Take the 2-minute tour ×
Mathematics Stack Exchange is a question and answer site for people studying math at any level and professionals in related fields. It's 100% free, no registration required.

Can the inequality

$$2y\ge|x-y|+|y-z|-|x-z|\quad\, \forall x,y,z\geq0$$

be simplified? It looks similar to the triangle inequality.

share|improve this question
    
I am puzzled. Let $y=0$, $x=z=1$. Then the inequality $2y\ge|x-y|+|y-z|-|x-z|$ seems to say that $0\ge 2$. Or are you trying to find a simpler-looking inequality which is equivalent to the one you gave, and thus fails sometimes? –  André Nicolas Feb 16 '12 at 0:24
    
@AndréNicolas I was originally trying to find an inequality equivalent to the given one. However, since this inequality is not always true, I guess it is not really necessary to try to simplify it. –  MathMajor Feb 16 '12 at 1:14
    
I have simplified it, in a form that brings out the geometry. It turns out that one can find an inequality which is equivalent to the given one. Inequalities that are not always true can still be useful within their range of validity. –  André Nicolas Feb 16 '12 at 1:30

3 Answers 3

up vote 6 down vote accepted

I will assume that the question is to be interpreted as follows.

Consider the inequality $2y\ge|x-y|+|y-z|-|x-z|$. Can this be replaced by a simpler inequality? We are allowed to assume that $x$, $y$, and $z$ are non-negative.

Certainly the above inequality fails sometimes, for example when $y=0$ and $x=z=1$. So let us explore under what conditions it holds.

A sensible approach is to draw a picture, actually three pictures. By symmetry we may temporarily assume that $x\le z$. So there are three possible positions for $y$. It can be (i) greater than $z$ or (ii) between $x$ and $z$ or (iii) less than $x$.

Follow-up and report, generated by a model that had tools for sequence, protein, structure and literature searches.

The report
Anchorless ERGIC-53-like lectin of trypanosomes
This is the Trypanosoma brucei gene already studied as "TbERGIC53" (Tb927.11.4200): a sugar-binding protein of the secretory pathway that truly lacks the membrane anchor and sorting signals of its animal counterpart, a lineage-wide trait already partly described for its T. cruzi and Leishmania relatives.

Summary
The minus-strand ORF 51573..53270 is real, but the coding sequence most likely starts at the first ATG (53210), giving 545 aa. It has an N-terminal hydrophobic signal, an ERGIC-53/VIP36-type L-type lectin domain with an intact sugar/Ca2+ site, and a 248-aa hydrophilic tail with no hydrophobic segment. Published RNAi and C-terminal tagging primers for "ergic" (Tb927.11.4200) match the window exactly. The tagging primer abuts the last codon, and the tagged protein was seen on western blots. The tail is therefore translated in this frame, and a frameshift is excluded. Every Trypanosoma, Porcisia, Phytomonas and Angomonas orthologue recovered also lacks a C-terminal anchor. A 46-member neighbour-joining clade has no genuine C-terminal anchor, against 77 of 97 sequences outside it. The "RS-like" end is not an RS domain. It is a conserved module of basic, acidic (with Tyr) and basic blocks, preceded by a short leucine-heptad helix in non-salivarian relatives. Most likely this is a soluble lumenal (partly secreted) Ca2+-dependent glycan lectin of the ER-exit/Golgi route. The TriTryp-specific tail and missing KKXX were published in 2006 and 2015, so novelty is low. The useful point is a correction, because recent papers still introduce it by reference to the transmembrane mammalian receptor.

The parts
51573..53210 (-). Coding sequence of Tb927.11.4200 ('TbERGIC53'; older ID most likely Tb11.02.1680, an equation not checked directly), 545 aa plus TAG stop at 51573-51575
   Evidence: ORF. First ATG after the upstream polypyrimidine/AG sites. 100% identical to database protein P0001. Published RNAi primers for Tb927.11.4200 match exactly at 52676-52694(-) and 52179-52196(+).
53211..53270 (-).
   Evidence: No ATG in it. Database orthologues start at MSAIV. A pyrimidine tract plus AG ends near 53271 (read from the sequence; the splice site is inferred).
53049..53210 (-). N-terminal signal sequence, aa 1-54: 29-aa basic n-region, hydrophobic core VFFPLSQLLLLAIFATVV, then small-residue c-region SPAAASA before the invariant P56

A little play shows that the inequality holds in cases (i) and (ii). Case (iii) is more interesting, so we do the details. A cursory look at the picture shows that in case (iii), $$|x-y| + |y-z|= (x-y) +(z-y) = z-x +2(x-y).$$ Since $|z-x|=z-x$, our inequality becomes $2y \ge 2(x-y)$, or equivalently $2y\ge x$.

We only let $x\le z$ for the sake of the picture, so it is time to symmetrize. We conclude that the inequality holds precisely if $$\frac{1}{2}\min(x,z)\le y \le \min(x,z).$$

I hope that this simplification is a useful one.

share|improve this answer

Do you have some constraints about $x, y$ and $z$ ? Because for instance, if you take $y=-1$ and $x=z=0$, your inequality does not hold.

share|improve this answer
    
Yeah, I forgot to say that x,y,z are non negative. –  MathMajor Feb 15 '12 at 21:14

Well, using triangle inequality, $|x-z|\leq|x-y|+|y-z|.$ This implies the right hand side is always bigger than zero. So $2y\geq0$.

share|improve this answer
    
I would like to preserve the variables x,y,z. –  MathMajor Feb 15 '12 at 22:31

Your Answer

 
discard

By posting your answer, you agree to the privacy policy and terms of service.

Not the answer you're looking for? Browse other questions tagged or ask your own question.